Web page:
Aribo of Austria

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Aribo (or Arbo; c. 850 – after 909) was margrave (comes terminalis, "frontier count") of the Carolingian March of Pannonia from 871 until his death. He is recognised as a progenitor of the Aribonid dynasty.

In his day, the Pannonian march, also called marcha orientalis, corresponded to a front along the Danube river from the Bavarian Traungau up to Szombathely (Savaria) and the Rába river, including the Vienna Basin. Aribo was originally appointed by the East Frankish king Louis the German to succeed the Wilhelminer brothers William and Engelschalk I, after they died on campaign against the forces of the Great Moravian realm.[1] This has been used to support the hypothesis that he was a brother-in-law of the two margraves.

Aribo maintained peace with Prince Svatopluk of Moravia and it paid off when, in 882, the sons of the late margraves Engelschalk I and William, led by Engelschalk II, rebelled against him, claiming their rights to the march. The Carolingian emperor Charles the Fat confirmed Aribo's position and Engelschalk II turned to Arnulf of Carinthia, Aribo's southern neighbour, for support. Svatopluk, however, entered the Wilhelminer War on the side of Aribo and the emperor. In 884, peace returned to the marcha.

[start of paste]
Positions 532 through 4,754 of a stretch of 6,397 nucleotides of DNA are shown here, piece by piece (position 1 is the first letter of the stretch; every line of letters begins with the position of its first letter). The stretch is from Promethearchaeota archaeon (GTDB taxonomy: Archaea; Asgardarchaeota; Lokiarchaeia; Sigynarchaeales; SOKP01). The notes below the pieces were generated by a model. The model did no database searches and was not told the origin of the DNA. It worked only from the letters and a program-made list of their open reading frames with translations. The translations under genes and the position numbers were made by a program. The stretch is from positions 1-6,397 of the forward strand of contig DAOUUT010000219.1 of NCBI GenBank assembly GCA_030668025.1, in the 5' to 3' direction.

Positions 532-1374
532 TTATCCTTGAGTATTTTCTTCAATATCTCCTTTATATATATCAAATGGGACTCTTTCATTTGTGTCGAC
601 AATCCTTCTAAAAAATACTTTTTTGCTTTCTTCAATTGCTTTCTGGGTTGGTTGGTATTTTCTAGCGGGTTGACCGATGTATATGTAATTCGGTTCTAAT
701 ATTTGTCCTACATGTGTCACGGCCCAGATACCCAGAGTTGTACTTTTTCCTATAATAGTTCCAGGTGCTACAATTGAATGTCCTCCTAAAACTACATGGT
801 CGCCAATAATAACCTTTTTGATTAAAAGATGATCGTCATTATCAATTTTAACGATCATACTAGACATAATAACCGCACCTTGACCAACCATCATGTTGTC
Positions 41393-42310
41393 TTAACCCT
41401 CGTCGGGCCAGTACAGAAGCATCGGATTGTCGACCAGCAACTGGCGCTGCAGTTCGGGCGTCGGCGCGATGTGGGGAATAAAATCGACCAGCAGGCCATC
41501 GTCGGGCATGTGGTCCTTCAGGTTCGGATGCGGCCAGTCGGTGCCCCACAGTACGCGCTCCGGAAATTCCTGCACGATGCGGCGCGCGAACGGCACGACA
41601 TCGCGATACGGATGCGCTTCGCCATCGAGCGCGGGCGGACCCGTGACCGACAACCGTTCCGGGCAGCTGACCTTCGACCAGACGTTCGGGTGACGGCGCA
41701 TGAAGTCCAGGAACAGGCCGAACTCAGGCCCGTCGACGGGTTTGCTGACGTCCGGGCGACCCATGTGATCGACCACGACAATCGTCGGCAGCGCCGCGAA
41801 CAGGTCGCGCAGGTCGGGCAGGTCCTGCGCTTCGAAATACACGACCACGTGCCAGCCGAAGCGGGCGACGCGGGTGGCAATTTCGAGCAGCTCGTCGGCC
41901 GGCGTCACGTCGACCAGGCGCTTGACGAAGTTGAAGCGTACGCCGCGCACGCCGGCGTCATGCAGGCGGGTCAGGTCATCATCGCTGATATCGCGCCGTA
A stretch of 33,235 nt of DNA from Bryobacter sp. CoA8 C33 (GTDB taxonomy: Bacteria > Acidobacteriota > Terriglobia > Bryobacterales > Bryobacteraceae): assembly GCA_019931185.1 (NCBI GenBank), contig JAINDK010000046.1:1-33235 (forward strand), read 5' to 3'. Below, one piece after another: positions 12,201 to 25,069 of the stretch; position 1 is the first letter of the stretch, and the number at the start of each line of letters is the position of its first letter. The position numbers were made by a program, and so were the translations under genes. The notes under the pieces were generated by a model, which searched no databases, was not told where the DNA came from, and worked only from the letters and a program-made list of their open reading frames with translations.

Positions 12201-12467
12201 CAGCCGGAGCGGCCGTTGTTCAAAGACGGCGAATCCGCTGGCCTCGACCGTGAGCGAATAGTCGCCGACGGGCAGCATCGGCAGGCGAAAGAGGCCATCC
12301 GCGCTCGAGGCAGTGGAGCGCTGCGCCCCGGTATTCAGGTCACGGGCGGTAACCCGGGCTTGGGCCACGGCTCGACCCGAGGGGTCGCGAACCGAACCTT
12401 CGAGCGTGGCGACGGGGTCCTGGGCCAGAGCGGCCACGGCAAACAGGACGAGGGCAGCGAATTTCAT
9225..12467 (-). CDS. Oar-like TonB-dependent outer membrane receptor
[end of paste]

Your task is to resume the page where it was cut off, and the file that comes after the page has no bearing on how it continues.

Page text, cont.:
A sign of Aribo's strength after this was that he was unable to be unseated by Arnulf when the latter succeeded as King of East Francia in 887. In 893, Arnulf appointed Engelschalk II to a portion of the Pannonian march over Aribo's head.[2] Aribo never reconciled with Arnulf after the Wilhelimner War and his contacts with the Moravians were kept secure. After his falling out, his son Isanrich got Moravian support against Arnulf. Around 905, Margrave Aribo issued a customs code concerning the trade along the Danube river at Raffelstetten. He survived the disastrous Battle of Pressburg, whereafter most of the margravial territory was lost. He last appeared in a 909 deed, when he and Archbishop Pilgrim of Salzburg were vested with Altmünster Abbey by King Louis the Child.

Aribo allegedly died hunting wisents. His descendants of the Aribonid family rose to the most powerful Bavarian dynasties. They held the Archbishopric of Salzburg and the office of a Bavarian count palatine in the 10th century, but eventually were pushed out of power in the Duchy of Bavaria by the Liutpoldings.[3]

Sources[edit]

  • Reuter, Timothy. Germany in the Early Middle Ages 800–1056. New York: Longman, 1991.
  • MacLean, Simon. Kingship and Politics in the Late Ninth Century: Charles the Fat and the end of the Carolingian Empire. Cambridge University Press: 2003.

Notes[edit]

  1. ^ For the Wilhelminer War, see MacLean pp 135–142 and Reuter 116.
  2. ^ Reuter, 124.
  3. ^ Reuter, 125 and 196.